Well hello there! It has come to my attention that I have been entirely remiss an not mentioned our tour coordinator. Doumina Whyman, The Enthusiastic Traveler, La regina d’il mio cuore (the queen of my heart), the entire reason we are here in Italy. How can I take it for granted that you all know about her? I talk about her so much in my life that I think I just overlooked mentioning this beautiful, amazing woman here on my blog. Well, that is ridiculous. I met Doumina (say: “Doo-mee-nuh”) over 6 years ago, glommed on to her arm and never let go. She created this tour for me and allows me to say it is mine. We love Doumina for cultivating the relationships that we have blossomed into our friendships in Italy. Today she took us to Avignonesi,

Today she arranged for us to visit the Avignonesi estate. I have been to this beautiful plae before, but it was 6 years ago and this visit, with this group, was even better. The estate is famous and I was surprised and excited to learn that they are becoming a ‘biodynamic’ winery. From Wikipedia: “As a practical method of farming, biodynamics embodies the ideal of ever-increasing ecological self-sufficiency just as with modern agro-ecology, but includes ethical-spiritual considerations. This type of viticulture views the farm as a cohesive, interconnected living system.

I find this exciting because Avignonesi is an important name in the wine world, and the fact that they are setting such a strong example in this area of viticulture could mean more attention is paid to the biodynamic style. This is beyond organic, more than paying attention to chemicals. It is an ancient practice that is new again, and if a large estate such as this can do it, certainly others can as well.

While they make many world-class wines here, the process of making Vin Santo, the Tuscan dessert wine, is the most interesting process to see. They dry the grapes, as in the beginning of making Amarone, but they take the sugars much further, and Avignonesi does it better than anyone else in the world. We tasted 5 of their wines after the tour (not the Vin Santo) and we ended in the gift shop where a few of us splurged on their special premium tasting. They had a deal on it for harvest season so we jumped on the chance to taste their very best wines, including the Vin Santo. It was a treat to taste these amazing wines, and when it came time to  sip the nectar of the Gods, it was everything we thought it could be, and more. They actually make 2 types of dessert wine, one is a red Vin Santo, with the sangiovesi grape, which no one else makes. The other is the regular white Vin Santo, though there is nothing ‘regular’ about it. They age their Vin Santo 10 years, taking it so far beyond what anyone else has attempted to do that it is not even in the same class. This is not a fortified wine, in fact it is only about 14.5% alcohol. It is a rich amber color, and it coats the glass like a grade A maple syrup would. The taste is multi-layered, and entirely unique. It is a dessert wine, but it stands on it’s own. It is the only wine that I have ever tasted that would not be enhanced by food. A 325 ml bottle of this wine (half bottle of wine) would set you back 210 euros. That would be close to $260. Dana got the red: Occhio di Pernice (say it: oak-yo dee pear-nee-chee) which is less expensive, at 180 euro for the 325 ml bottle. It was very fun to compare the two and experience these fantastic wines. I have never tasted such high end wines before and it is not likely that I will again, and it was definitely worth doing, especially being able to share it with the others in the group.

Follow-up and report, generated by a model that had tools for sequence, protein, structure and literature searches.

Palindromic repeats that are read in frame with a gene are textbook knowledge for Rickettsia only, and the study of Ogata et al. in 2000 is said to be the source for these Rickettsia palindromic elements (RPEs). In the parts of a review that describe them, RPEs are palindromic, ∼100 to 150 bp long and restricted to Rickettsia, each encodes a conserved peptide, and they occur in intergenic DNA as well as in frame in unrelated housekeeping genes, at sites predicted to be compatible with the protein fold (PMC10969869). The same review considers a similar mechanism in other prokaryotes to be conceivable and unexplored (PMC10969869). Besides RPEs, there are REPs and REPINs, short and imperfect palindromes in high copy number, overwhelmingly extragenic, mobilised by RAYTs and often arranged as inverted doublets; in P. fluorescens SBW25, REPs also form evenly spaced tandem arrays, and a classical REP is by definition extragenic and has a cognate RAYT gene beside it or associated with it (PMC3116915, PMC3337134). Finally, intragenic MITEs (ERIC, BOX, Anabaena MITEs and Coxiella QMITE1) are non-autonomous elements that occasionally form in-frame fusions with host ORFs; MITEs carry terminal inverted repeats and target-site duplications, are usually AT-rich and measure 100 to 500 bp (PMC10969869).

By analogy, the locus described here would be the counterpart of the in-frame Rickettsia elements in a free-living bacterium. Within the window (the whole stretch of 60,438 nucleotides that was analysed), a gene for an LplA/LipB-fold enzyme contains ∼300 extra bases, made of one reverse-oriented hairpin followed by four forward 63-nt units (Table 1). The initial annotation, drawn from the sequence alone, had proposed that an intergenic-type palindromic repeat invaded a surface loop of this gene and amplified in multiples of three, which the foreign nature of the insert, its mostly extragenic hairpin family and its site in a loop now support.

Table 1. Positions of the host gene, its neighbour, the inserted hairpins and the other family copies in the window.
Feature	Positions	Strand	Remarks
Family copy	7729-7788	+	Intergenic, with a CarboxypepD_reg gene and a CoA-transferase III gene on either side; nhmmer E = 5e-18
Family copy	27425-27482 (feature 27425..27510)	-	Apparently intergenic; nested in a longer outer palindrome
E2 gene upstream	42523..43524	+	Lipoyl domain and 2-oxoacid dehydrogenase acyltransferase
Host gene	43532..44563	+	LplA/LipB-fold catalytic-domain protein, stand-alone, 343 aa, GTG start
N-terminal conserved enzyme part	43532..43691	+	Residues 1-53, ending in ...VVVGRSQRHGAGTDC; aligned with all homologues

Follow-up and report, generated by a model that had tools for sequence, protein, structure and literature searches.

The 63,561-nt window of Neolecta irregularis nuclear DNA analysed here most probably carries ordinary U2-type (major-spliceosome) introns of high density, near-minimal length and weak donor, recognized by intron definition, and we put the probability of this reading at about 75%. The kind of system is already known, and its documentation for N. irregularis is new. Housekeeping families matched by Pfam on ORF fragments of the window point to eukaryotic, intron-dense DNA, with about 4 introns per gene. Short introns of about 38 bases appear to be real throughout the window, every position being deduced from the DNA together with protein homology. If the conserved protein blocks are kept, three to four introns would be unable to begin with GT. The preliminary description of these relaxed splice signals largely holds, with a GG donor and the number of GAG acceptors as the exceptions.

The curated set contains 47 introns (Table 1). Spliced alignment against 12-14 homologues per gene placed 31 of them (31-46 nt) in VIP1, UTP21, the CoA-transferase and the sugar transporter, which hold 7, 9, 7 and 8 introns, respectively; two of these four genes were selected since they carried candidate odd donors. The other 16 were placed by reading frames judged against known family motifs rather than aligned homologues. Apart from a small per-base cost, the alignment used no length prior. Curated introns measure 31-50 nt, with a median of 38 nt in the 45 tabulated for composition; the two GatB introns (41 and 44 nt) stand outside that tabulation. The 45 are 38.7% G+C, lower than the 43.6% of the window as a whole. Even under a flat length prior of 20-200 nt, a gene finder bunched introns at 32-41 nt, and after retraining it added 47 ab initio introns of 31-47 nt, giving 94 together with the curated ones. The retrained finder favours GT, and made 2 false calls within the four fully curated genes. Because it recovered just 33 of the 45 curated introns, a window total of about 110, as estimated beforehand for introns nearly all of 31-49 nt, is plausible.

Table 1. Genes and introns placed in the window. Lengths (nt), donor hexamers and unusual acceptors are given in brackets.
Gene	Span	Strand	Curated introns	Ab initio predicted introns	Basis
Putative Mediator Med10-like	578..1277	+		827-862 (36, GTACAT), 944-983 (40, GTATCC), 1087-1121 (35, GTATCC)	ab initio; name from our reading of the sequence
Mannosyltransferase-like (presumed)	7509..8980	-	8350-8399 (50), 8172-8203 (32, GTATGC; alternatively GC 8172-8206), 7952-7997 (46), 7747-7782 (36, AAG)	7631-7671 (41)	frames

Fabio drove us back to the agriturismo and we enjoyed lunch together on the patio, because it has been absolutely gorgeous here. The mornings are cool and foggy, turning to delicious sun and blue skies by noon. The evenings are clear and cool, and at night it gets rather brisk, which is so perfect. We dine ‘al fresco’ as often as possible and whenever we have ‘alone time’ you can find almost all of us outside somewhere. We had a group cooking lesson later in the afternoon and we watched and assisted Benedetta in making our dinner: Crostini with sausage and pecorino cheese; Gnocchi with porcini sauce (I posted a picture of the gnocchi rolling on the cafe Facebook page); pork tenderloin wrapped in pancetta, and topped with a sauce of tapenade and vin santo (NOT the Avignonesi!); and I don’t know what to call dessert so I will describe it: in a pretty glass we placed a piece of chocolate-chocolate chip sponge cake (the batter type, not the foam type), then drizzled a few spoons of sweetened espresso over it to soak. She then mixed her home made ricotta (sheep’s milk in this region) with fresh mascarpone, a few egg yolks, whipped cream, sugar and sambuca folding it all together to make a light and delicious cream. It was topped with crunchy bits of meringue and some cocoa powder. It was really delicious, and we think the best meal there so far, and I am sure that being able to help and watch the process made it even tastier. We shared the wine that Alessandro Bocci sent with us after  visiting Perazetta (thanks ‘Sandro!) and declared it another fabulous day in Italy.

Saturday we will head to Orvieto, a hill town in Umbria, to visit one of our wine makers and the beautiful church in the town. I hope you are enjoying something delicious today! I will try to take more pics with my tablet so I can post them on Facebook for you again.

Ciao for now!